• WordNet 3.6
    • n picaninny (ethnic slur) offensive term for a Black child
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Century Dictionary and Cyclopedia
    • n picaninny See piccaninny.
    • ***


In literature:

Camped under them we found one buck, several gins, and numerous picaninnies; it was clear that more were not far off.
"Spinifex and Sand" by David W Carnegie
Now they saw that seven of the eleven were small, only picaninnies.
"The Book of the Bush" by George Dunderdale
And everywhere, mixed in with the pigs and the goats, were the blackest of picaninnies.
"Pieces of Eight" by Richard le Gallienne
Oh, picaninny, holler louder!
"The Harvest of Years" by Martha Lewis Beckwith Ewell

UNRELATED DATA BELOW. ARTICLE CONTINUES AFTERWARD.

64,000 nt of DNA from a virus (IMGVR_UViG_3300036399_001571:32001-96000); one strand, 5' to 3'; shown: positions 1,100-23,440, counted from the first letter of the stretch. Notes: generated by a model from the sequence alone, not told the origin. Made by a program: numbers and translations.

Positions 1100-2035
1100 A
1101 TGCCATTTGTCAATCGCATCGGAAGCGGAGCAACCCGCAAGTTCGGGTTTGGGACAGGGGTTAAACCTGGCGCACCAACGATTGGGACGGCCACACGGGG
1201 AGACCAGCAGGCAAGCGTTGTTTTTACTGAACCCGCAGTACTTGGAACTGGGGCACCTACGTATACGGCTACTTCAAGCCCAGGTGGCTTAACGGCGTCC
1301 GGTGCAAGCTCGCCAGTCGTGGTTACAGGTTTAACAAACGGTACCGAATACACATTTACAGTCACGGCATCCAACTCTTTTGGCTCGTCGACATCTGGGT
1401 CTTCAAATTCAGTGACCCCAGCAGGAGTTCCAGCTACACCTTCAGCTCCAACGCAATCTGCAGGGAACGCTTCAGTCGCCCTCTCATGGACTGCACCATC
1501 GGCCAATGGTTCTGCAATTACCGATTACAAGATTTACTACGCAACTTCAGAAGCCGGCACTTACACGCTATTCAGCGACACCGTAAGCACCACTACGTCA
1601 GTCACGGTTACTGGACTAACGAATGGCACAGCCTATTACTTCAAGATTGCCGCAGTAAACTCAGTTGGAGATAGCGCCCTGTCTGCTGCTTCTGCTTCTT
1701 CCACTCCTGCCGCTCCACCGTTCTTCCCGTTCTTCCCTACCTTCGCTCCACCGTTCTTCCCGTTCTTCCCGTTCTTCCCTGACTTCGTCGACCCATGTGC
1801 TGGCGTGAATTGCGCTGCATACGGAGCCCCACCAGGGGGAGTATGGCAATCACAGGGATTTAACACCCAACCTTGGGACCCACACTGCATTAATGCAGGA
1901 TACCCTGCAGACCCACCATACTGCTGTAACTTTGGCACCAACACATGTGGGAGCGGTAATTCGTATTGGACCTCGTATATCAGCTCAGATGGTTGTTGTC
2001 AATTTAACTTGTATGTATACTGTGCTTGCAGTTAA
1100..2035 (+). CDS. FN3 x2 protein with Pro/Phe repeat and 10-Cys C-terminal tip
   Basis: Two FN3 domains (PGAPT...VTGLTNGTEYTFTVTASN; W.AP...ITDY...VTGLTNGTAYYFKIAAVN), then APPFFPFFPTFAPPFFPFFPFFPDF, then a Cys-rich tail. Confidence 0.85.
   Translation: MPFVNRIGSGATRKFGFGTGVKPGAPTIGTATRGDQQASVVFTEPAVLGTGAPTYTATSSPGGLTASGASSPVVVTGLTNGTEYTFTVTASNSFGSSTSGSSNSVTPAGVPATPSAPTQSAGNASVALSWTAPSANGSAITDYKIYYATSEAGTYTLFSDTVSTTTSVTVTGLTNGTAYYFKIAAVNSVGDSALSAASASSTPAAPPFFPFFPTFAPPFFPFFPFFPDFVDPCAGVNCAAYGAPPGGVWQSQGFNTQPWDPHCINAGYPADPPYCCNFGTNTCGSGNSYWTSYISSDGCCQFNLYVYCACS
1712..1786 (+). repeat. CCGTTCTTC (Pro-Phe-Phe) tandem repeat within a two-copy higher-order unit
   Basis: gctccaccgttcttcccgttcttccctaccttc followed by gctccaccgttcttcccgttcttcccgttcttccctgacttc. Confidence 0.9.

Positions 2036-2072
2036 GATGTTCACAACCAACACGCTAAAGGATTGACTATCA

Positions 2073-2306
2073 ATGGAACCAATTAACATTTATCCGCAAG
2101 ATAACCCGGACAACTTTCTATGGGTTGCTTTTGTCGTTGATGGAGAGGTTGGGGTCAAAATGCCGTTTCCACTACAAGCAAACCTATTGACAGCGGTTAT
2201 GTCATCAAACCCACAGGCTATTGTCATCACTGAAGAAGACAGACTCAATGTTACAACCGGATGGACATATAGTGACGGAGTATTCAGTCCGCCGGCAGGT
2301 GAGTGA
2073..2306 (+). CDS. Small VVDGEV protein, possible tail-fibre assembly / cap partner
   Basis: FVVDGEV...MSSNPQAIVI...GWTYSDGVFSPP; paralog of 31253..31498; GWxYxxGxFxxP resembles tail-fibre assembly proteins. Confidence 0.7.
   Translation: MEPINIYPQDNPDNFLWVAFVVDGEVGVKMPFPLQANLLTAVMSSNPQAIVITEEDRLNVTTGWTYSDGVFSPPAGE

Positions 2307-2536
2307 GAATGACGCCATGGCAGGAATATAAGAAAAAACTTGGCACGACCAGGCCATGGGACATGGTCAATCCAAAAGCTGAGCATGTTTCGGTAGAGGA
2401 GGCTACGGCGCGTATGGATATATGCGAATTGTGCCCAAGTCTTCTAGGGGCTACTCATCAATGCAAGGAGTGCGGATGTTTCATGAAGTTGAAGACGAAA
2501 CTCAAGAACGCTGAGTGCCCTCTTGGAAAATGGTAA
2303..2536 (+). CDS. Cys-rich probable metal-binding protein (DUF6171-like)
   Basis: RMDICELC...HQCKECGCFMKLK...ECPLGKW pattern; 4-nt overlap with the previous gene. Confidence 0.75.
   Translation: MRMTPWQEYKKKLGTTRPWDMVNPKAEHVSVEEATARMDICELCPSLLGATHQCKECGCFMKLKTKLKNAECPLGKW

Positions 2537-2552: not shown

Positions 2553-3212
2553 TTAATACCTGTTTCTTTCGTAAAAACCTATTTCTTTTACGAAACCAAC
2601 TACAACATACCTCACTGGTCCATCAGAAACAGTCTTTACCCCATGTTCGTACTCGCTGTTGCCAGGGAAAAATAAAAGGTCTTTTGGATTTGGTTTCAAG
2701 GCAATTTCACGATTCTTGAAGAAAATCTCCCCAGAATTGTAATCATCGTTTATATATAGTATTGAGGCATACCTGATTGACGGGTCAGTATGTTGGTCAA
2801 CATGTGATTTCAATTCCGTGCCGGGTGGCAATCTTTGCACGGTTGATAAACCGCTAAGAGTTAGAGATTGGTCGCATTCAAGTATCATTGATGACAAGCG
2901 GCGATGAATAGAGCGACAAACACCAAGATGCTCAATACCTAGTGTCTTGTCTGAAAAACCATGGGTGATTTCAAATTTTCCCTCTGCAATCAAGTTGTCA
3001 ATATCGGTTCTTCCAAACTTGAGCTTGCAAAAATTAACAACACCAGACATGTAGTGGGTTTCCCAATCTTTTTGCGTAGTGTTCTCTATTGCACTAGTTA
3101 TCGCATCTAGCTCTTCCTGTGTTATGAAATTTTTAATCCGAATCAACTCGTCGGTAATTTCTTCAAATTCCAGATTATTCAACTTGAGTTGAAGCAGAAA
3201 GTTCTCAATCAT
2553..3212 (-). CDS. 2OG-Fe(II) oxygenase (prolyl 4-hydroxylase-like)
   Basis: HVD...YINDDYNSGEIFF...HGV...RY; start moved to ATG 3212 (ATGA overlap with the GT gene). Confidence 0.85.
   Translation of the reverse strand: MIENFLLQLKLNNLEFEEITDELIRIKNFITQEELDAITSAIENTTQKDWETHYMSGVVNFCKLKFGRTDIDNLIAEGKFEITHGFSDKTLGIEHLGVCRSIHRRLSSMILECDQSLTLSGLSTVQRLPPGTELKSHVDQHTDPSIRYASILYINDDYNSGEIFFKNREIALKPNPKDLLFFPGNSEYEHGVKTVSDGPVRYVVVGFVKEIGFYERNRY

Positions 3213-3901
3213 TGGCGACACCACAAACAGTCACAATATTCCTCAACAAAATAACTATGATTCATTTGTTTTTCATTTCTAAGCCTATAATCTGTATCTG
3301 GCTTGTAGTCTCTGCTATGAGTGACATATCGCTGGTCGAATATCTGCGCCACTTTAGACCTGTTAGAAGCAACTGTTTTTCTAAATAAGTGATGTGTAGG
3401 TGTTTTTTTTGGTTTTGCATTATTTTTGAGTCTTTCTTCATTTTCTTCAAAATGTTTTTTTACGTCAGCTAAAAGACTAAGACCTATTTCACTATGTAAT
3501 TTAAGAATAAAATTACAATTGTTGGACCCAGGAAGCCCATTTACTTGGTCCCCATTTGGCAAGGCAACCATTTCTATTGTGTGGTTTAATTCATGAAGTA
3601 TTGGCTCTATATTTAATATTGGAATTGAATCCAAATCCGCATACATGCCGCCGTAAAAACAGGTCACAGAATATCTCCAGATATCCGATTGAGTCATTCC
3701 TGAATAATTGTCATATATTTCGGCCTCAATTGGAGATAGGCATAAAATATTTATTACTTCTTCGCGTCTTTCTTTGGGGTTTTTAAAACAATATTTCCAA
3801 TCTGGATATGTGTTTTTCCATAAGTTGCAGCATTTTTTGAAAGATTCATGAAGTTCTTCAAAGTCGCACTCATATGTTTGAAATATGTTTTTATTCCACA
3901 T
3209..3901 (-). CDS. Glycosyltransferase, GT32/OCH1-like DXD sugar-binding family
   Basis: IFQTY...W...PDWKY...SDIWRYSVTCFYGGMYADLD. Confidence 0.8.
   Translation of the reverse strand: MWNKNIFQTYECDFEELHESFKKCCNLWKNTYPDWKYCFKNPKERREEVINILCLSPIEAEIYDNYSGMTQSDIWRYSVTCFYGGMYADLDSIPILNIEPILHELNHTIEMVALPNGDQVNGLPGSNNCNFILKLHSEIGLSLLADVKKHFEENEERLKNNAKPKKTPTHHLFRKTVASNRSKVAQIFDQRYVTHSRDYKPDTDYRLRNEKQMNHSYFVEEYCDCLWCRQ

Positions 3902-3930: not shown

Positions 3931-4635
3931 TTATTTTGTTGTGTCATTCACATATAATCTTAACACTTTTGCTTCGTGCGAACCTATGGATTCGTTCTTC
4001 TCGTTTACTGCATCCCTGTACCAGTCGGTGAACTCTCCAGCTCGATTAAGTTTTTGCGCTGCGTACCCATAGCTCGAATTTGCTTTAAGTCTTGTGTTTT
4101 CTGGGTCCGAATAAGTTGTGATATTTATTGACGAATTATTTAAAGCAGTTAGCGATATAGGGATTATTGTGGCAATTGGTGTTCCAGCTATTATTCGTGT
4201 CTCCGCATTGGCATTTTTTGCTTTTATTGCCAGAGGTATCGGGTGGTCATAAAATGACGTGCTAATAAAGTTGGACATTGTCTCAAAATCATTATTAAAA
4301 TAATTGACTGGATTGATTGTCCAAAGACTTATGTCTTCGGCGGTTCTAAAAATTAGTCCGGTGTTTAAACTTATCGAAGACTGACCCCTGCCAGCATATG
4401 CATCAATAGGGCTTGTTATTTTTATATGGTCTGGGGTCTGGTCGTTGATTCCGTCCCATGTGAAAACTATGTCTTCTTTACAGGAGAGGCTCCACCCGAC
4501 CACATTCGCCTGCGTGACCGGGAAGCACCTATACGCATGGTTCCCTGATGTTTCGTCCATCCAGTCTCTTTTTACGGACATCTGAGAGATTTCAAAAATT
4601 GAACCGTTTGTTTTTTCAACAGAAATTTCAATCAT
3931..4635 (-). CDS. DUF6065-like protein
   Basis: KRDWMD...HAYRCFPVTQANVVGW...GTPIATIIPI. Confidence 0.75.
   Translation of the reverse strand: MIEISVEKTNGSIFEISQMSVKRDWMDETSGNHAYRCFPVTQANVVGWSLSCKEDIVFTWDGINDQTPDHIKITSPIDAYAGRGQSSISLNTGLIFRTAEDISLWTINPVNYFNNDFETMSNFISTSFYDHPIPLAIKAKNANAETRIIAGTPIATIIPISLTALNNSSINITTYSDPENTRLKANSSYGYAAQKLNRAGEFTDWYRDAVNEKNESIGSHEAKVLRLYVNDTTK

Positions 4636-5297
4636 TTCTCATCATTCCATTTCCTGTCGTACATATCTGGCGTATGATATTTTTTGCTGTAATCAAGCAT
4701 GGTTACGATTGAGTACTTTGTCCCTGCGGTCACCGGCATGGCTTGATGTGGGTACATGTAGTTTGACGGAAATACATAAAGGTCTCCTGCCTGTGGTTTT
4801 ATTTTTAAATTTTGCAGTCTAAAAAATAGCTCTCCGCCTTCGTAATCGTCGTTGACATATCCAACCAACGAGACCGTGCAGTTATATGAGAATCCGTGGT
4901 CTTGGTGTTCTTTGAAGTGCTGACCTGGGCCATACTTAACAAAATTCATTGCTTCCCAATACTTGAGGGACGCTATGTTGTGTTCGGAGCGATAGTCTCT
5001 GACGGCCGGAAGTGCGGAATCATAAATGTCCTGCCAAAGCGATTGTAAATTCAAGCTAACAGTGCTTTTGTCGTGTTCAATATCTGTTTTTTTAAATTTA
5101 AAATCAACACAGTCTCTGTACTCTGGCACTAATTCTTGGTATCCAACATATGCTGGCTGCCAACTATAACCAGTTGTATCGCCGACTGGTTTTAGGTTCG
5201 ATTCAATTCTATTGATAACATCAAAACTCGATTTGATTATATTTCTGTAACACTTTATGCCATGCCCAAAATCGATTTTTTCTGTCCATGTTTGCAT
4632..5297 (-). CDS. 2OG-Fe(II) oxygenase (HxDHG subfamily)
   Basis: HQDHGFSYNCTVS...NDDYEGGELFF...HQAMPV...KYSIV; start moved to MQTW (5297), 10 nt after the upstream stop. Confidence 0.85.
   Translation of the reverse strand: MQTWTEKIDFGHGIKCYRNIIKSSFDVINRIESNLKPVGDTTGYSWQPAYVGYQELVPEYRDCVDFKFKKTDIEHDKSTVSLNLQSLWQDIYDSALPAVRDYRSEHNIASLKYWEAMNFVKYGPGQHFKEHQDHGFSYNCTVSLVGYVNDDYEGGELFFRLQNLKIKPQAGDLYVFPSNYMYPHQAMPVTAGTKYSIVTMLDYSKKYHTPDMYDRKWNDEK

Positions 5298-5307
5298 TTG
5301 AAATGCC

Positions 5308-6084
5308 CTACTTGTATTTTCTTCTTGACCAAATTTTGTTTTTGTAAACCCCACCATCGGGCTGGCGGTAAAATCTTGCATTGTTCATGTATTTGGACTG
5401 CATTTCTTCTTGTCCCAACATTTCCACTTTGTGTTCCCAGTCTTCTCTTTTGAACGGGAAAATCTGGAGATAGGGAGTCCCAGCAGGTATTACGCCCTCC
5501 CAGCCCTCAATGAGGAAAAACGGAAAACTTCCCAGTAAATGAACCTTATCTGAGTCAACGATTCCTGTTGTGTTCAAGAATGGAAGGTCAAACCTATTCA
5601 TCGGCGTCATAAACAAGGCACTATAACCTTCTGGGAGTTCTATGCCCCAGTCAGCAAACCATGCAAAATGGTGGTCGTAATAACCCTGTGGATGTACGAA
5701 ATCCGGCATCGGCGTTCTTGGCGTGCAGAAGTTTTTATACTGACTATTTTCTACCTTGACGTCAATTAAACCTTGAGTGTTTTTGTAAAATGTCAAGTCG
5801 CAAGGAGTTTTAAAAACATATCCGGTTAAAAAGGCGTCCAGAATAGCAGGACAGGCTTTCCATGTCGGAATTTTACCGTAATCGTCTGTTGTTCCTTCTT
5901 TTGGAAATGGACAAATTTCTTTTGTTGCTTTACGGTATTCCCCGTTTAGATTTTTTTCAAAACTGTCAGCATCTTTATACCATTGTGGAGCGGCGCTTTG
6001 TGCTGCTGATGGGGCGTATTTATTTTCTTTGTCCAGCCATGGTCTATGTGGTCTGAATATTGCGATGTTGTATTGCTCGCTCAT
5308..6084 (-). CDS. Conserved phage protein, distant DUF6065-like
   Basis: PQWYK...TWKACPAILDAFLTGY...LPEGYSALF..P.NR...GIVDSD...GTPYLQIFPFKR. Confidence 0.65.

And dar's only de ole 'ooman an' two picaninnies.
"Lippincott's Magazine, Vol. 22, August, 1878" by Various
Greyheaded darkies and picaninnies peered with grinning faces over every fence.
"Red-Tape and Pigeon-Hole Generals" by William H. Armstrong
The gins{***} and picaninnies, he said, were not with the party that had seized Sheila, neither were there any dogs with them.
"Chinkie's Flat and Other Stories" by Louis Becke
I was only a picaninny when I ranned away with Massa Cap'n Dynamite.
"A Voyage with Captain Dynamite" by Charles Edward Rich
We puddled the mud and got the black gins to tramp it down, adding a picaninny to their backs to increase their weight.
"Reminiscences of Queensland" by William Henry Corfield
Tell him, as soon as I can get the strings I'll make one for his picaninnies.
"The Works of Robert Louis Stevenson - Swanston Edition Vol. 17 (of 25)" by Robert Louis Stevenson

In poetry:

They killed little Paddy, but spared the young baby,
Because it was sickly — I think it was that —
And while Molly was crying, a gin said, "No habbie
Your thin picaninny — we'll wait till it's fat."
"Paddy's Letter, 1857" by Anonymous Oceania